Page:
Leading NGOs expose greenwashing by U.S. Roundtable for Sustainable Beef, demand real sustainability plan
WASHINGTON, D.C. – A coalition of 50 environmental, consumer, animal welfare, farmer and public health groups representing millions of constituents issued a powerful critique of the U.S Roundtable for Sustainable Beef’s new “sustainability” framework for beef production in a letter released today.
Led by industry giants like McDonald’s (NYSE: MCD), JBS (BZ: JBSS3) and Elanco (NYSE: LLY), the USRSB is a multi-stakeholder initiative that is developing a new “sustainability” framework for the U.S. beef sector. The Roundtable recently invited comment on the framework.
Numerous groups, including Friends of the Earth, Natural Resources Defense Council, Earthjustice, Sierra Club, Organization for Competitive Markets, Institute for Agriculture and Trade Policy, Illinois Stewardship Alliance, IFOAM Organics International, Family Farm Defenders, Slow Food USA, Food Tank, American Grassfed Association and A Greener World are pushing the Roundtable to do better. The groups “stand strongly opposed to this framework and initiative in its current form because it does not meaningfully advance sustainability goals.” The letter also highlights USRSB’s failure “to create a plan of action to address corporate consolidation and other core policy and regulatory issues that remain barriers to advancing sustainability.”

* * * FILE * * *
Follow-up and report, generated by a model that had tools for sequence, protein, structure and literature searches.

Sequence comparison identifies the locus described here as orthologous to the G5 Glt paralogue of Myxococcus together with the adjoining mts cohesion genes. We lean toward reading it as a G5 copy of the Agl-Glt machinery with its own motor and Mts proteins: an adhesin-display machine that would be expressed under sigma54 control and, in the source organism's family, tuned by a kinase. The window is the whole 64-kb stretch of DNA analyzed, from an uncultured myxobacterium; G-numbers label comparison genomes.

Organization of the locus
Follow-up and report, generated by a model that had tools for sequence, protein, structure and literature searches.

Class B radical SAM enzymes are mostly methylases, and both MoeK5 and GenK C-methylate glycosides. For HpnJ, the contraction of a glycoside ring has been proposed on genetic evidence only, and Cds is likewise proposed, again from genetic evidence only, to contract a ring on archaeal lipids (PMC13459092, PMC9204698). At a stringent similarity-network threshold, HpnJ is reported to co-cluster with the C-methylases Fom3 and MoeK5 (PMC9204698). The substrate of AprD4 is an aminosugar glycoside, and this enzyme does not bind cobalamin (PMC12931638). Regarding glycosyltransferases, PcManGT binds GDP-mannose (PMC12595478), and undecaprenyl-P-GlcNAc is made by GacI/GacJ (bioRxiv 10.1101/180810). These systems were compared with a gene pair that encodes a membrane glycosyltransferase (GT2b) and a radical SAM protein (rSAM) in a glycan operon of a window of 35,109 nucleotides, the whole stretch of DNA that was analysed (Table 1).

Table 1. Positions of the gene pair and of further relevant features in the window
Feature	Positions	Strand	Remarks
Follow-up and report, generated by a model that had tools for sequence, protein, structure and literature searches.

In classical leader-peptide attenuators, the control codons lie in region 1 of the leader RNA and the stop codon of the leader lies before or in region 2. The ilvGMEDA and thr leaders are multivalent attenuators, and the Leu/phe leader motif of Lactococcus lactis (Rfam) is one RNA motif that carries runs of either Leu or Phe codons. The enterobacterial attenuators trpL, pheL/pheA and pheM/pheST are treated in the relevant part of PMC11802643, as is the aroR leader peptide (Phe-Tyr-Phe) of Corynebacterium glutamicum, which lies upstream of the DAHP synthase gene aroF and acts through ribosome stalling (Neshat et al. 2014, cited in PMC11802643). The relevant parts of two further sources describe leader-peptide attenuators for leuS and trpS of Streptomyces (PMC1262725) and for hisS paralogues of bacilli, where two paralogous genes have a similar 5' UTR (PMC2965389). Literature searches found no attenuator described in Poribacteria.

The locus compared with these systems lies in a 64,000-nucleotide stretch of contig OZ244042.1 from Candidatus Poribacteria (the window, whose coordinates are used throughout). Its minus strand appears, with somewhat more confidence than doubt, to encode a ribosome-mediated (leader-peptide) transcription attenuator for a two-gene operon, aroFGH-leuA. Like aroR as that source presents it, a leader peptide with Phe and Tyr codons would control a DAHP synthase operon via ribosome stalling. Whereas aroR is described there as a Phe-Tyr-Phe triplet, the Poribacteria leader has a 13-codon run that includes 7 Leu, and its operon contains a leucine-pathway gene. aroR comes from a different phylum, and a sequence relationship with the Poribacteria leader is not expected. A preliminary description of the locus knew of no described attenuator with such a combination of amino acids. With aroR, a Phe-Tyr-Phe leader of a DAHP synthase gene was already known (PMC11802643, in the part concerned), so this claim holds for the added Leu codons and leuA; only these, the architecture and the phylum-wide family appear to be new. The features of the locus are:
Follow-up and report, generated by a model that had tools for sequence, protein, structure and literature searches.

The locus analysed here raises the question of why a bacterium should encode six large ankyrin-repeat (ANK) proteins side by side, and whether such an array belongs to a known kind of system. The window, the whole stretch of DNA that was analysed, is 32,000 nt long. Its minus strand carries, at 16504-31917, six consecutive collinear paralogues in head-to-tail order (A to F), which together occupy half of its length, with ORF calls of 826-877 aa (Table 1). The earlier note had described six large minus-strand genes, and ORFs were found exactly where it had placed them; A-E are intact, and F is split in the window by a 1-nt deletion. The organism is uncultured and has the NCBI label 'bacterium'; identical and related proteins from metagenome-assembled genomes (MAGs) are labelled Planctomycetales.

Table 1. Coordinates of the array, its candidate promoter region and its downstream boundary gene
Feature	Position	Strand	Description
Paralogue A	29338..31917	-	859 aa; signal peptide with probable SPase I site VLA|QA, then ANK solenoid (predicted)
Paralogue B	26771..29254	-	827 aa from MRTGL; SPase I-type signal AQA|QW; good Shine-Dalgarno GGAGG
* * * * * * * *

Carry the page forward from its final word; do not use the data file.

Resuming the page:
“The Roundtable’s blatant greenwashing will undermine truly sustainable, organic and regenerative beef producers who are actually doing the hard work to protect natural resources, workers and animal welfare,” said Kari Hamerschlag, Food and Agriculture deputy director at Friends of the Earth. “We are especially concerned that companies like Walmart, Costco, McDonald’s, Darden and Wendy’s will make sustainability claims to their customers based on the Roundtable’s meager and misguided metrics.”
The letter explains in detail why the framework’s approach and metrics will fail to significantly reduce the major harmful impacts of factory farming and poor grazing management on the environment, communities and workers.
These serious harms include:
- surface water, groundwater and air pollution;
- massive greenhouse gas emissions;
- the rise and spread of antibiotic resistant bacteria;
- harm to fish, wildlife and biodiversity;
- high worker injury rates; and
- poor treatment of farm animals
Most of the USRSB’s indicators and metrics do not focus on measurably reducing impacts, and continue to allow for the use of growth hormones and routine antibiotics.
The letter makes 10 recommendations and “strongly encourages the USRSB to go back to the drawing board and develop a new framework and plan of action — including the need for regulatory change — that generates far more environmental, economic, health and other benefits for stakeholders.” The letter recommends “that the USRSB remove the term ‘sustainable’ from its name and choose a more accurate term that does not undermine the value of credibly sustainable and regenerative beef production systems.”
“Beef can be raised in ways that restore soil, increase carbon, and protect waters and workers. Yet far too little of our beef is produced in this way. This framework falls far short of ensuring those goals are met. Indeed, many of the Roundtable’s leaders vigorously oppose clean water protections, transparency of impacts of facilities on neighbors, and addressing climate change. If the Roundtable wants to promote meaningful sustainability in the beef sector, then its members and particularly its leaders, should stop opposing and undermining policies that would bring us closer to sustainability, and start supporting them,” said Peter Lehner, Senior Attorney at Earthjustice.